It's amazing to me that these people left us open to this, quite honestly. They don't go to the movies, their kids don't play video games, they're totally out to lunch? It ain't science fiction. It's the real world. Cyber warfare is in the here and now.

Heads are gonna roll, no question. OPM's director is for the high jump, and her senior management is probably going to walk the plank, too. This doesn't fix it. What needs fixing is the mindset. We're looking at inertia, plain and simple, a body at rest. We need to own some momentum. 

http://www.DavidEdgerleyGates.com/


07 June 2015

Dread Pirate Roberts

by Leigh Lundin

Day in history, 1 October 2013: A half-cocked Texas Tea Party senator shut down the federal government for seventeen days. The resulting outcry in Washington, panic on Wall Street, and consternation in world markets eclipsed another important news story. Outside of crime and tech circles, the public barely took notice of the seizure of Silk Road, the largest, most far-reaching criminal enterprise in the world, and the arrest of its young founder, Ross Ulbricht, aka, Dread Pirate Roberts.

A few days ago, a judge sentenced Ulbricht to two life terms.

Joshuah Bearman and Tomer Hanuka of Wired Magazine have created a fascinating and comprehensive article. I recommend checking their story, part 1 and part 2. Their article reads like a crime novella… and a Greek tragedy.

Recap

The hallmark of a Greek tragedy is hubris, encapsulated in mythology because of human (and human-like) failing. The putative Greek hero ascends, attaining glory and fame, only to be brought low by his (or her) own weaknesses and arrogance.

Such happened to Ross Ulbricht, an entrepreneur, ardent libertarian, former Eagle Scout and non-violent idealist… until the day he wasn’t. He began what he called a libertarian experiment, an on-line drug bazaar, a better eBay than eBay. He named the enterprise Silk Road after the ancient Asian trade routes.

Silk Road didn’t sell only drugs, they sold collectibles, electronics, and other goods much like Craig’s List. The web site also featured Silk Road chat, Silk Road forums, Silk Road wiki, Silk Road exchange, Silk Road credit union, Silk Road market, Silk Road bookstore, and Silk Road libertarian musings by its founder.

Ulbricht promoted trust, partly through anonymity, and partly through BitCoin exchange, but also through efforts to see customers were treated right. He devised an on-line escrow (which eBay should have done years ago), provided reviews and customer support. Ulbricht is noted for writing in his journal “This is more than a business to me. It’s a revolution and is becoming my life’s work.”

Security and anonymity were provided by software originally created by the US Navy. TOR, an acronym for The Onion Router, offered encryption for web sites behind the curtain that hides both legal and illegal activities, as seen in this video Inside the Dark Web or the recent movie, The Deep Web.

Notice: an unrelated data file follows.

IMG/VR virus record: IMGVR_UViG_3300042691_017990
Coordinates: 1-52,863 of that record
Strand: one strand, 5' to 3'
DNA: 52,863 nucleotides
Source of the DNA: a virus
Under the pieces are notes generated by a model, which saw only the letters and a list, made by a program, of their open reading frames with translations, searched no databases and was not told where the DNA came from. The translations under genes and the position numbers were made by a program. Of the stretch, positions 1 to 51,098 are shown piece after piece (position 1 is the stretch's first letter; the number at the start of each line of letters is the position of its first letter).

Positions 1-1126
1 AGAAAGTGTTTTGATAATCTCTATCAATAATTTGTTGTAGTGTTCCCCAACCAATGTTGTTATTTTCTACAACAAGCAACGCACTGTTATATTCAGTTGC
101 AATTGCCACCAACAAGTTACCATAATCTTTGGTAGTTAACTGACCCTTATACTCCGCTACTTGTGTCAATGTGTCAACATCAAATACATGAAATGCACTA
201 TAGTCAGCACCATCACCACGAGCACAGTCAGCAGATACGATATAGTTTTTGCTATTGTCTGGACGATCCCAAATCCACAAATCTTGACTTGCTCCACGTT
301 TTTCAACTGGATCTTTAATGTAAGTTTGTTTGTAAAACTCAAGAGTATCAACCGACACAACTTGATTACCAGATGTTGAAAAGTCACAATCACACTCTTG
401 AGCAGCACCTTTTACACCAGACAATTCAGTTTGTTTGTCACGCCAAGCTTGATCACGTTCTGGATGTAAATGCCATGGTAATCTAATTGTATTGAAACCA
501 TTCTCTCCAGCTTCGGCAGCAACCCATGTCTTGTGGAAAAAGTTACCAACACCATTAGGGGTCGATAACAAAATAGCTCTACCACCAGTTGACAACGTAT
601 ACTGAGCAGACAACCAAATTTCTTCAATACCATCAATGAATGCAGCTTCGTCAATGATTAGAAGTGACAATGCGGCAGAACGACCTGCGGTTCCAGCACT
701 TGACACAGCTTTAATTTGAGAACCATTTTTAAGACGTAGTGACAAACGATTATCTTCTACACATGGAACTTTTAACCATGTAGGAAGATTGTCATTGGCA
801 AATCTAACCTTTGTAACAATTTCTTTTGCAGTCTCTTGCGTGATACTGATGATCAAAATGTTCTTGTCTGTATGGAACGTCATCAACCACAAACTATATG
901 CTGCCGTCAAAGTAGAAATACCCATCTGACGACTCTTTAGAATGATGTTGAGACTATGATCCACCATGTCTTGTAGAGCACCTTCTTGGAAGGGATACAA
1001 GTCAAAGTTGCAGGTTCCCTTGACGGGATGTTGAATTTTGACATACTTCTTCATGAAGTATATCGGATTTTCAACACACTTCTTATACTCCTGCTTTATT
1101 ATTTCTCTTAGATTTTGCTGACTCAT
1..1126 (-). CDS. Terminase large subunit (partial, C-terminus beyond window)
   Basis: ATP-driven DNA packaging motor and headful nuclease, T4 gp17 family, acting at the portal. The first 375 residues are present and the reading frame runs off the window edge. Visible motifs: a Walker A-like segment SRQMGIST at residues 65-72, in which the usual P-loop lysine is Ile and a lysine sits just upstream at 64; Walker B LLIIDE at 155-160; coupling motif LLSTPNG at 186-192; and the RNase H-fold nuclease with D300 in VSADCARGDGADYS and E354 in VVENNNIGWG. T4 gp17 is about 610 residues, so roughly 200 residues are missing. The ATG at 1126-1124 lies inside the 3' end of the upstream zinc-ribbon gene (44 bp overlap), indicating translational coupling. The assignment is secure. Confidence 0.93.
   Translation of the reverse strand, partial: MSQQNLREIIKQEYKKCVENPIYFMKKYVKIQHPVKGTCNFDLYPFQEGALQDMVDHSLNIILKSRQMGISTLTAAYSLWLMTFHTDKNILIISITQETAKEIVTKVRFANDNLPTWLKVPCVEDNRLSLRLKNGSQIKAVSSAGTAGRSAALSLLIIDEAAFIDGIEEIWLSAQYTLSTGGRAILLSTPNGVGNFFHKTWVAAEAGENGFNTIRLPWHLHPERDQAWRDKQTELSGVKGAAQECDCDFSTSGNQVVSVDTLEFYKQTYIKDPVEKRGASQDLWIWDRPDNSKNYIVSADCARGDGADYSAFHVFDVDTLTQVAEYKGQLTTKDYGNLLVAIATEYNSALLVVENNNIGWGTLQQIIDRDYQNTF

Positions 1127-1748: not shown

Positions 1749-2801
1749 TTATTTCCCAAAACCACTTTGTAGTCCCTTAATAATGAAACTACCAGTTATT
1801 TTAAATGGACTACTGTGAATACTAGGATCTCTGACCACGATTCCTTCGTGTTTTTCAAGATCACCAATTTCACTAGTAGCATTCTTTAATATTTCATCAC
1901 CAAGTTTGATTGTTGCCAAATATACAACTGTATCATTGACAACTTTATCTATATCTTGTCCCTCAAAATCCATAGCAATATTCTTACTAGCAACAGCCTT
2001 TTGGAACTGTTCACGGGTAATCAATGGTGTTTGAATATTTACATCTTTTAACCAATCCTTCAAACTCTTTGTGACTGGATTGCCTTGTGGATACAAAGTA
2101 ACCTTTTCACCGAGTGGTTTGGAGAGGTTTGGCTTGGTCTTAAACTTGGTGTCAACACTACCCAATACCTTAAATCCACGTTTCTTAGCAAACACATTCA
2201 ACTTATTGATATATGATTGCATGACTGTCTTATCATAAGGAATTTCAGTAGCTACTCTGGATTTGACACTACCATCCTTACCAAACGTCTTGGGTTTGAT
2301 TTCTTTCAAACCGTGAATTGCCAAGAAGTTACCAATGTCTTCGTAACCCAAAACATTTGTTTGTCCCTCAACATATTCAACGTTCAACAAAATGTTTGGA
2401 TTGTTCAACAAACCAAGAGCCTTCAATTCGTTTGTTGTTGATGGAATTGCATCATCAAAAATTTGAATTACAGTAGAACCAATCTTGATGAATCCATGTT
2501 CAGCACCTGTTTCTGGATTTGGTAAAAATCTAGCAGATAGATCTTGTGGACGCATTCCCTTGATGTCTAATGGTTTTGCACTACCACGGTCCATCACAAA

Ulbricht used a clever pseudonym as suggested by his mentor, Variety Jones. That alias was Dread Pirate Roberts, from the novel and subsequent film, The Princess Bride. In the story, Dread Pirate Roberts isn’t merely one person but, like Lee Falk’s The Phantom, a series of leaders who hand off the reins and the DPR name to a chosen successor when they become rich enough to retire. In conjunction with Silk Road, the sobriquet obscured who DPR was. Indeed many people believed Roberts was multiple people.

Operation Onion Peeler

The FBI geeks who went after the leader of Silk Road faced an intriguing challenge from a guy who made few mistakes… but a couple of errors was all it took. The digital police didn’t use a battering ram to get their man, they used finesse– or, as one described it, a form of ballet.

There’s little question Ulbricht ran Silk Road nor doubt he deserved a prison sentence for his misdeeds. But two life terms? The judge succumbed to pleas from the prosecutor to “send a message.”

Not all of us are fans of judicial messaging and over-sentencing, but a few other issues need to be considered. One is conspiracy and intent to commit the murder of at least one person and possibly five others who had stolen from the enterprise. That certainly shatters the image of the gentle idealist who wanted freedom for everyone.

However, the murder charge is murky. A Silk Road employee named Curtis Green had supposedly stolen $350,000. Ulbricht lamented how to handle it, writing that he didn’t want to use violence if Green would simply return the money. But Variety Jones, his mentor, urged Ulbricht to kill Green and referred to Green as the ‘organ donor’.

But the plot sickens. It turns out the money was actually stolen by Secret Service agent Shaun Bridges and facilitated by DEA agent Carl Force, who are being charged with the theft as well as other crimes, including laundering another half million dollars in BitCoins.

In other words, two federal agents stole funds using Green’s account, implicating him in the eyes of Ulbricht and moving him to homicide. One wonders if this constitutes entrapment, tipping Ulbricht over the edge of using violence to protect his interests. The only good part was that Green was in custody and not in imminent danger.

Ulbricht’s attorney is appealing the verdict.